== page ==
Rainfall Measured in Feet, Not Inches, as Storm Lingers; Rescue Efforts Appear To Be Working Well
Unprecedented. Nearly two feet of rain fell on the Houston area from Hurricane Harvey, now downgraded to a tropical storm. “This will be a devastating disaster, probably the worst disaster the state’s seen,” said William “Brock” Long, director of the Federal Emergency Management Agency. The storm could drop as much as four feet of rain in the region over the week.
Harvey made landfall late Friday as a Category 4 hurricane. About 400 search-and-rescue personnel from FEMA were in southeast Texas Sunday afternoon, and 500 more were expected Sunday night. The Coast Guard had 16 helicopters flying rescue missions. About 800 to 1,200 were rescued. Many of the rescues were being done by local citizens.
Even as the storm had been blamed for several deaths, the full toll of the storm remained unclear. Officials warned that the danger was far from over, saying that the flooding in Texas is unlikely to recede quickly and that the storm will force more than 30,000 people from their homes. Federal officials, meanwhile, widened the emergency zone to Louisiana.
Trump signed a federal disaster declaration. A law passed after Katrina, which killed more than 1,800 people, requires FEMA to dispatch teams and relief supplies before disaster hits. Trump has proposed cutting FEMA by $361 million. “Whether it’s an active shooter, whether it’s a tornado, in many cases citizens find themselves having to render first aid, CPR, or making safety decisions before the true first responders arrive,” Long said.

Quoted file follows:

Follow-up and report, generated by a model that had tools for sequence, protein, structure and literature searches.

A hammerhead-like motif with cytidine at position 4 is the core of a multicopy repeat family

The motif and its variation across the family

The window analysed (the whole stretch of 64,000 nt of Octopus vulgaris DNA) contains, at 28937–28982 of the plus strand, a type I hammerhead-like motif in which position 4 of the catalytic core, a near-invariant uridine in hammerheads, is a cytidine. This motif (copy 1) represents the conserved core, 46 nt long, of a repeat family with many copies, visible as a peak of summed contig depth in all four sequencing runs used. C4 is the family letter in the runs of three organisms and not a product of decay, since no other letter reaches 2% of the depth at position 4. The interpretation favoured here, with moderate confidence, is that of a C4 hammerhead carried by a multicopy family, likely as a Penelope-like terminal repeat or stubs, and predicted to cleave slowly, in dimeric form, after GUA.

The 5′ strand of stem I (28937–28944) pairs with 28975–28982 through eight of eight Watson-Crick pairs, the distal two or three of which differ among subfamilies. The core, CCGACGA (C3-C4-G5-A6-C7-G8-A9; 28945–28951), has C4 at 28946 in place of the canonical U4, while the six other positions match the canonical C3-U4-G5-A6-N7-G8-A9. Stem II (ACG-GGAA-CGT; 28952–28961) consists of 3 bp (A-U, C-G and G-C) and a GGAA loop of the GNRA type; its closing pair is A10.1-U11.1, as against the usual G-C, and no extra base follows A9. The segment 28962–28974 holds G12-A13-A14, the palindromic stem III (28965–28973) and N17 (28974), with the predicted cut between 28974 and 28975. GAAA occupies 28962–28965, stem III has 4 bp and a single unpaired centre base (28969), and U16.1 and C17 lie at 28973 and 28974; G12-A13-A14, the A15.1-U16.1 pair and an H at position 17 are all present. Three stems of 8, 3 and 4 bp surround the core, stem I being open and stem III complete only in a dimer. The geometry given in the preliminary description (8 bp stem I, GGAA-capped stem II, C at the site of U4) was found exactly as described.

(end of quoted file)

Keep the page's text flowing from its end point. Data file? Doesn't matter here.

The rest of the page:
Underwater. The National Flood Insurance Program is about $24 billion in debt. The program encourages people to build and stay in areas that flood. Trump’s proposed budget would cut $190 million from efforts to update flood maps. The program must be reauthorized by Congress by Sept. 30. Only 1/6 of Houston residents have federal flood insurance. Buffalo Bayou, a major river near downtown Houston, was a foot above flood stage Sunday afternoon and projected to rise as much as 12 feet higher in the next day.
Not Brownie. William “Brock” Long was confirmed by the Senate in June to be the FEMA administrator. He has previously worked for the agency and also was Alabama’s emergency manager. The beleaguered FEMA director under former President George W. Bush, Michael Brown, became a national punch line after premature praise from Bush. Brown said it appears that the U.S. hasn’t learned anything from Katrina.
Trump trip. Trump plans to visit Houston on Tuesday. He has said he doesn’t want to disrupt rescue efforts. Trump also plans to visit Springfield, Mo., in the conservative Ozarks, to plug for Republican tax plans.